Last night I attended the Green New Deal Strategy Session: Fighting On Iowa’s Frontlines at Iowa Citizens for Community Improvement (ICCI). I have heard good things about ICCI for years. My aunt and uncle have reported to our Quaker meeting about ICCI’s work to protect Iowa’s water from the waste from factory farms.
I have been really excited about the Green New Deal and the Sunrise Movement ever since I saw the Sunrise youth engage in nonviolent direct action by sitting in at Nancy Pelosi’s’ office last November.
On February 26 this year, Iowa Citizen for Community Improvement (ICCI) hosted a meeting with Senator Joni Ernst’s state director, Clarke Scanlon, to talk about the urgent need for a Green New Deal. A number of ICCI staff and members were at the event, including Adam Mason, state policy director, and Matt Ohloff, senior campaign organizer. Also there were Ed Fallon (Bold Iowa) and Peter Clay, a member of Iowa Yearly Meeting (Conservative). Virginia Wadsley, who I met while working with the Poor People’s Campaign in Iowa was also there.
ICCI is a Sunrise Movement Hub, and was the Iowa organization that sponsored the Green New Deal Tour at Drake University on March 22, 2019. Bold Iowa also wants to work with ICCI and the Sunrise Movement. I was really glad to see my friends Trisha and Lakasha, who walked on the First Nation-Farmer Climate Unity March with me last September, on the program, talking about the importance of the Green New Deal being Indigenous led. Also there that night were Kathy Byrnes, Ed Fallon, Jon Krieg, Patti McKee, and Samantha Kuhn.
At the planning session last night were Samantha Kuhn, Virginia Wadsley, Jon Krieg and Patti McKee. Matt Ohloff, ICCI, was one of the speakers. I mention these names of who comes to various events to show how activist communities work. The same people tend to show up at a variety of events. This was definitely my experience in Indianapolis, too. The same people participated in the Keystone Pledge of Resistance, Stop Dakota Access Pipeline, Kheprw Institute, Indiana Moral Mondays, Environmental Science Fair, Homelessness in Indianapolis, and related events.
As successful organizing campaigns do, the evening program began by asking each person present to give their name, pronouns, and why they were attending. Even though there were just around 50 of us, this took about 20 minutes to do. But this is a crucial step in creating social justice campaigns. It is the relationships that are created that make people feel included, and continue to participate and support each other. And creates a network to connect with for new campaigns.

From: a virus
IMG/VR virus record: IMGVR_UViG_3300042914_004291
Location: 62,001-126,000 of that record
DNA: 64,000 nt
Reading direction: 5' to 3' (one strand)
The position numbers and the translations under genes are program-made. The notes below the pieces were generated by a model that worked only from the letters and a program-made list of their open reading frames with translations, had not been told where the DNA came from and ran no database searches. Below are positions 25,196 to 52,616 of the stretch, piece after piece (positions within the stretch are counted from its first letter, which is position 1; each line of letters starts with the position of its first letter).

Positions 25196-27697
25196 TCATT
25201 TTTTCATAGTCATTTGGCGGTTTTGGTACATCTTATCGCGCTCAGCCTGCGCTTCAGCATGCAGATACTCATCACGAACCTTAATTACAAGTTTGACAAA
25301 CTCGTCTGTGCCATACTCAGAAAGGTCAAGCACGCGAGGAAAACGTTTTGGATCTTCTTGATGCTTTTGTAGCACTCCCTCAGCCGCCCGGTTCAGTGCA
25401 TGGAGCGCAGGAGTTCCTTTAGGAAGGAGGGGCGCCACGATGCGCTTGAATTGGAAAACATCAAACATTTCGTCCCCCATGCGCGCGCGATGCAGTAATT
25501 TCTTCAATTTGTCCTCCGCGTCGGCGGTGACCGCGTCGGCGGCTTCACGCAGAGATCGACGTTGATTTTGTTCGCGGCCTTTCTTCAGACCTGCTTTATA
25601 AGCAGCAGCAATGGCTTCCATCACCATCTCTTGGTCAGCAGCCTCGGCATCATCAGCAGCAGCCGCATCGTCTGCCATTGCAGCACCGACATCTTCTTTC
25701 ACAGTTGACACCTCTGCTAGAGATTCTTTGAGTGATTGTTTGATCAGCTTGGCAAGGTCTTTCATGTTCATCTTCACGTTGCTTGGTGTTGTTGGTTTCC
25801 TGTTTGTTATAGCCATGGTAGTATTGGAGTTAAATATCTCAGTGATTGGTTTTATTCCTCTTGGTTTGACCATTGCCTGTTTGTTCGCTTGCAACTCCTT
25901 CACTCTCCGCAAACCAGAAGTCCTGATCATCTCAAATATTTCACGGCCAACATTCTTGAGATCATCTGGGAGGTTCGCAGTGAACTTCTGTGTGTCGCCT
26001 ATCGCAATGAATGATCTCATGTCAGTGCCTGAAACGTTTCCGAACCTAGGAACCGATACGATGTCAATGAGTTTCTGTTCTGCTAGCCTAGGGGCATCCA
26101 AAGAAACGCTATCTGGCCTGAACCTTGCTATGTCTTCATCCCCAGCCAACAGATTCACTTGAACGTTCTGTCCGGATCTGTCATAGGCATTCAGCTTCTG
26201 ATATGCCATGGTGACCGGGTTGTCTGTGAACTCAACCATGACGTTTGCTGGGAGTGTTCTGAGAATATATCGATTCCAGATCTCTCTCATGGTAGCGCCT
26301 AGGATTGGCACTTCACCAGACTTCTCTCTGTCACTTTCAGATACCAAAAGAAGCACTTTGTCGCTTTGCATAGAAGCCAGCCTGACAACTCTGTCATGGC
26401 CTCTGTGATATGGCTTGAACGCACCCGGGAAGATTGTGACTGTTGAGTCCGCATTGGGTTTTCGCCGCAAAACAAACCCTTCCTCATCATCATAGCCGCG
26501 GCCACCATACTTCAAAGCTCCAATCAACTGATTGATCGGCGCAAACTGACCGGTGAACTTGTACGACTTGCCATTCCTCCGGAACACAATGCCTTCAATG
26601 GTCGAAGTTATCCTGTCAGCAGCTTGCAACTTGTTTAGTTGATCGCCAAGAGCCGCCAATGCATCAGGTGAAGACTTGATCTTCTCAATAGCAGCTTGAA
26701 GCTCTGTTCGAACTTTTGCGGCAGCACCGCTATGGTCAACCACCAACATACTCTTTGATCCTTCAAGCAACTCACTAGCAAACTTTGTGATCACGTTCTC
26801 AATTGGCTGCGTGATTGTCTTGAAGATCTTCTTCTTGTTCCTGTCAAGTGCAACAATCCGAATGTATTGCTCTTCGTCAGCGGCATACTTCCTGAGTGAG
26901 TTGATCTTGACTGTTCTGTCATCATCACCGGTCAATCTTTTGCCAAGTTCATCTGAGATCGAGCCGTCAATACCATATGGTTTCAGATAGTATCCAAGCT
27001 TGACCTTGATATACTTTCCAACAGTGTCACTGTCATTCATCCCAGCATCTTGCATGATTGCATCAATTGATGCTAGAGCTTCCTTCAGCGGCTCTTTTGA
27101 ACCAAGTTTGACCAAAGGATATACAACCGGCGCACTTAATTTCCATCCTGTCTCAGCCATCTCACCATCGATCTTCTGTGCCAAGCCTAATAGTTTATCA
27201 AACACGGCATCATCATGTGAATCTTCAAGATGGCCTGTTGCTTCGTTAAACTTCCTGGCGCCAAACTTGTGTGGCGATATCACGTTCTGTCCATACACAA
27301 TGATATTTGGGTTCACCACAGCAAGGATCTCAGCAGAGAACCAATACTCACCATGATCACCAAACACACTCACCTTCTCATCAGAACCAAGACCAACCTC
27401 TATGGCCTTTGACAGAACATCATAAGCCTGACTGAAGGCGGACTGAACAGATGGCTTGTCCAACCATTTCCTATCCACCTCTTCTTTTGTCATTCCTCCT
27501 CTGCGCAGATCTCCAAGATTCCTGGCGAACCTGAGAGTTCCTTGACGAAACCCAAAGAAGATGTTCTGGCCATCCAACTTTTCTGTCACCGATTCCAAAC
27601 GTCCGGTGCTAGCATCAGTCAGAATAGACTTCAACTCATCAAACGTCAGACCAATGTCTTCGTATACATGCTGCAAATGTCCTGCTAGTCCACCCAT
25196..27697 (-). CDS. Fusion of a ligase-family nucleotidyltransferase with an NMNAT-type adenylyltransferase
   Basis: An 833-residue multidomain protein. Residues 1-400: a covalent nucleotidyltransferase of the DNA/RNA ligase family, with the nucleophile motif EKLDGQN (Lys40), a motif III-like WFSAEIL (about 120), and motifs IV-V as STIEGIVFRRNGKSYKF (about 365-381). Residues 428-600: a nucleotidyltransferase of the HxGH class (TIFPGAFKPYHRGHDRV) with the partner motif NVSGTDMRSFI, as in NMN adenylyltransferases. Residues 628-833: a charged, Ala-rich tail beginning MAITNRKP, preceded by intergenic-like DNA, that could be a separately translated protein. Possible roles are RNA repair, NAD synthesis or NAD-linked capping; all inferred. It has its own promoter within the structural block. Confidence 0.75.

Shawn Sebastian did an excellent job of laying out the principles of a Green New Deal. He said if you believe the scientific consensus, you know we have just 11 years of intense work to do if we are going to avoid climate catastrophe. You know there is no time for incremental measures. Politicians who talk about a gradual approach can not be supported.
The Green New Deal will include:
- 100% clean and renewable energy and net zero emissions by 2030
- Job Guarantee to get it done
- Prioritizing front line communities for a just transition
Shawn went on to talk about the New Deal that the Green New Deal’s ideas come from. Not only was the Franklin Delano Roosevelt’s New Deal designed to pull the country out of the Great Depression, but also to help those whose livelihood had been wiped out by the Dust Bowl, an environmental catastrophe.
Shawn talked about the Civilian Conservation Corp a jobs guarantee program that was part of the New Deal:
The legislation and mobilization of the program occurred quite rapidly. Roosevelt made his request to Congress on March 21, 1933; the legislation was submitted to Congress the same day; Congress passed it by voice vote on March 31; Roosevelt signed it the same day, then issued an executive order on April 5 creating the agency, appointing its director (Fechner), and assigning War Department corps area commanders to begin enrollment. The first CCC enrollee was selected April 8, and subsequent lists of unemployed men were supplied by state and local welfare and relief agencies for immediate enrollment. On April 17, the first camp, NF-1, Camp Roosevelt, was established at George Washington National Forest near Luray, Virginia. On June 18, the first of 161 soil erosion control camps was opened, in Clayton, Alabama. By July 1, 1933 there were 1,463 working camps with 250,000 junior enrollees (18–25 years of age); 28,000 veterans; 14,000 American Indians; and 25,000 Locally Enrolled (or Experienced) Men (LEM).Civilian Conservation Corps, Wikipedia
That history is really astonishing. In little over 3 months after the introduction of the legislation, there were 1,463 camps with 250,000 men working in them. The U.S. has already done what the Green New Deal proposes, guaranteed work for anyone who wants to work. This time, those jobs will be to build up renewable energy infrastructure and other work to rebuild broken communities, switch to regenerative agriculture, clean up sites of environmental contamination, etc.